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BBCHANGE

Team project (5 designers), 2019

Client: BBC

Role: Mainly Service Design- research, stakeholder research& analysis,                 service proposition, visualisation

Duration: 5 weeks

Tutor: Andrea Edmunds

 

Project Brief

The BBC is the world's leading public service broadcaster. Throughout its long history, the BBC has served the public by adapting to changes in culture and technology. A particular challenge at the moment is that of competing for the attention of younger people aged 16 - 34. And currently, almost all of the BBC's online services are based on a model in which individual items of contents, articles, videos and so on before being published. In this project, we'd like to explore possible new BBC service that is based on data aiming at a mass-market with its core audience aged 16 to 34 rather than manual content crafting.

What does 'data' mean?

The BBC has a strong legacy of public trust. The user has given the BBC permission to access much, if not all, of their personal data. This could potentially extend to items such as location, purchase history, health monitors, social media posts, etc. Also worth considering is that this data could be held in a personal data store, on top of which new services could be built and data from other external sources.

Research

"Young people around the world are well aware of environmental challenges, but the connection between such challenges and their lifestyles is not clear to them. There is a great need to translate these challenges into actions and opportunities at the local and individual level, as well as to create a holistic and pragmatic vision of what a sustainable society is."

- Fabienne Pierre, Programme Officer, UNEP 

The Millennial today...

1. Most informed generation but also the most anxious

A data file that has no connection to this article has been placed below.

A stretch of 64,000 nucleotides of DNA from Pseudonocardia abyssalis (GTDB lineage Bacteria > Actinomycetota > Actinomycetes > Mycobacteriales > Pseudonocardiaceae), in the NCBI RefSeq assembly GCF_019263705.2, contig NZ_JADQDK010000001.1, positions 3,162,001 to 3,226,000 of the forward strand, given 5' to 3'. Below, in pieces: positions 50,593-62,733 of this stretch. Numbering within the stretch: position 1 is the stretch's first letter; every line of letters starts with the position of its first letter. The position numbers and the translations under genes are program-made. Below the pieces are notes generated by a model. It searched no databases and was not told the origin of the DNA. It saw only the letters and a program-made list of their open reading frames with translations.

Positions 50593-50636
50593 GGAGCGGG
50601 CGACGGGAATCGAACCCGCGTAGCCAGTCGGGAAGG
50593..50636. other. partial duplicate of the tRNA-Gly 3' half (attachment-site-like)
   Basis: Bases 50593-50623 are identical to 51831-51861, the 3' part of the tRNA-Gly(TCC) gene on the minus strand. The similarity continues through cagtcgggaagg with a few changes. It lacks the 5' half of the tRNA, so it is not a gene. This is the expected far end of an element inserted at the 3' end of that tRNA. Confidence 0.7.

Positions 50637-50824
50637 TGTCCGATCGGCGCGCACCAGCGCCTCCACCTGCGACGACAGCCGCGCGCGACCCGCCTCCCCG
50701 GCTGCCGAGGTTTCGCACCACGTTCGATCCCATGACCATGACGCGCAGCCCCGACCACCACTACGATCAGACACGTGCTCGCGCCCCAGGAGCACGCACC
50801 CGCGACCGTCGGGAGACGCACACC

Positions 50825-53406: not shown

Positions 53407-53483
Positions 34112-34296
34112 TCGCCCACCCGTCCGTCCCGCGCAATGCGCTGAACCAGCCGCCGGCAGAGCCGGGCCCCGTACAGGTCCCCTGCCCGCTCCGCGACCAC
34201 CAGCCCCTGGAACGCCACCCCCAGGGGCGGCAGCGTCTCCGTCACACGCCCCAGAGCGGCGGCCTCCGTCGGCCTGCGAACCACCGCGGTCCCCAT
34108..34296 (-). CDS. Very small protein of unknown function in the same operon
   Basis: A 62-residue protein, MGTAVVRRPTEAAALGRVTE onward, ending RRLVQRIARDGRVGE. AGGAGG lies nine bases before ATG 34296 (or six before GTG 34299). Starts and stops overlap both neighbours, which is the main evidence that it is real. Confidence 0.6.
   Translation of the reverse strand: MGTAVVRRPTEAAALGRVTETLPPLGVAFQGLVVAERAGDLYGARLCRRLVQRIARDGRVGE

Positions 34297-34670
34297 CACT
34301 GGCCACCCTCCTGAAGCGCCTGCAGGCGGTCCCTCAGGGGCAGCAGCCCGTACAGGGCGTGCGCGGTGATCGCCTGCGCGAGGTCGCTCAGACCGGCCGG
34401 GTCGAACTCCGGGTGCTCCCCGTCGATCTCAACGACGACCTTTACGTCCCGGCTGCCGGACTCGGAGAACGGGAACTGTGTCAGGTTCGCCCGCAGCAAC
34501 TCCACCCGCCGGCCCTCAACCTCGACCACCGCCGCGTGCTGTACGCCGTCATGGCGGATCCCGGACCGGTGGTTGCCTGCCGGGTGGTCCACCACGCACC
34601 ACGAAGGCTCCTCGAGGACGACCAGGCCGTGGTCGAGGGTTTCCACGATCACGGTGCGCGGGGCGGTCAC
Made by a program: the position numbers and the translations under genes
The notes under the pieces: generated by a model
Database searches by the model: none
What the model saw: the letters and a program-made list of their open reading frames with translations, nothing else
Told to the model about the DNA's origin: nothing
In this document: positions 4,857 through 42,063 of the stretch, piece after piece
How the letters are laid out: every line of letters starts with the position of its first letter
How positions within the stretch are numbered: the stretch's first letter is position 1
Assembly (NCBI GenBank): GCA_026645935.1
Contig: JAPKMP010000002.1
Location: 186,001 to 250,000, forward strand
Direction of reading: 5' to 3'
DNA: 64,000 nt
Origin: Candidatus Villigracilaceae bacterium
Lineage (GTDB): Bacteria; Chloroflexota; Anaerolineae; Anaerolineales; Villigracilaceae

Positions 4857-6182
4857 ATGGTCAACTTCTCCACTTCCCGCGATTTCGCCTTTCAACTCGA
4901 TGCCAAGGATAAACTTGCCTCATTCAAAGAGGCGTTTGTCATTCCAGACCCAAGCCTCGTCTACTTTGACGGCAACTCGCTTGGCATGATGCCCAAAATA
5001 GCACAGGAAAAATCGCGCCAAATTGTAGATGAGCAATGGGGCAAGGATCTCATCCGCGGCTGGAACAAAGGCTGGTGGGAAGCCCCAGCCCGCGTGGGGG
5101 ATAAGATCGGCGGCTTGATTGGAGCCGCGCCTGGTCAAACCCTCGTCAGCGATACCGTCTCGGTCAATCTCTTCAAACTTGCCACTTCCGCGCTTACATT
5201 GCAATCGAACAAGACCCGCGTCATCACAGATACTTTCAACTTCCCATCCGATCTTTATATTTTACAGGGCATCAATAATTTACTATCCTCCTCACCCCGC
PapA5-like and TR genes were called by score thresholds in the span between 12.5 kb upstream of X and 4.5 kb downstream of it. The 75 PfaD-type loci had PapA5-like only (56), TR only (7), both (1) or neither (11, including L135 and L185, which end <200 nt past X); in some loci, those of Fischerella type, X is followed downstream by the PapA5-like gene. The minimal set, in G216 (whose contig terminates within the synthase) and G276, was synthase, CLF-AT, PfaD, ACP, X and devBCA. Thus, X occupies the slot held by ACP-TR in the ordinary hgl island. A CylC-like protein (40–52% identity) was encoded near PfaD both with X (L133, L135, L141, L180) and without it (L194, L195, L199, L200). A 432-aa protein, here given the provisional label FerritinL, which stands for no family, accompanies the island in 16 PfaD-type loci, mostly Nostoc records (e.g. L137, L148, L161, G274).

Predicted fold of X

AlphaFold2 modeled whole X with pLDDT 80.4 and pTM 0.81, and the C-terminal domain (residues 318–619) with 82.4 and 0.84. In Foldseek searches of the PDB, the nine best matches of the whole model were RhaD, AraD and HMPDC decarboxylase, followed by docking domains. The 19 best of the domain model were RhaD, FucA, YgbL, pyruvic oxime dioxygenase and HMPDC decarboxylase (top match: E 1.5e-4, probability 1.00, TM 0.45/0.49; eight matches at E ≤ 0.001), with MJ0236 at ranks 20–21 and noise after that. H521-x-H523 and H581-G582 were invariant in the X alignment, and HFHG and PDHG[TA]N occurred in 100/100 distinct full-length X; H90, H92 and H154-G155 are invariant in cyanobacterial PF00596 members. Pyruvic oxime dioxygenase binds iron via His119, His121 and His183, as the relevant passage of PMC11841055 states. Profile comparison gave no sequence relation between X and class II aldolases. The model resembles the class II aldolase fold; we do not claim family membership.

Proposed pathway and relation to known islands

"There is too much information instead of going forward I freeze."

- MA Student, 26 

2. Care about sustainability. But want to maintain their consumer-driven lifestyle

"I want to be able to buy clothes without feeling guilty."

- Designer, 29 

3. Willing to share data. But how will that benefit them?

"Of course I will share data if I can relate to the cause."

- PhD Student, 31 

Decision making as a strategy

Millennials care about climate change more than any other generation, because they are impacted by it most. Though they struggle to make a sustained, long-term impact. Protests, strikes and petitions can only get them so far. Why is it so easy for them to make noise and so hard for them to make tangible changes to their day to day lives?

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Organised a workshop to understand the decision-making processes better. This combined with desk research brought us the following insights:

Insights

Personal vs professional

Service elements

Decisions affecting lifestyle

Professional decisions easier to make than personal

Kinds of decisions

Opportunities to intervene

Easy&Fast: Food, travel

Slow&Easy: Communication

Slow&Hard: Work/Education

Hard&Fast: Personal

Values for trading personal information

Access to data

Trust in firms that they like.

Crave transparency

Triggers

Community influence

First-person perspective through networks, forums

and reviews.

Visualising implications

Measuring impact

Helps tackle anxiety, expedites the process, motivates

How can the BBC encourage 16-34 year olds to make sustainable lifestyle choices in an engaging and informed manner by harnessing the power of their data?

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A WhatsApp chatbot that guides users into making more sustainable lifestyle choices and shows the impact that these choices are making.

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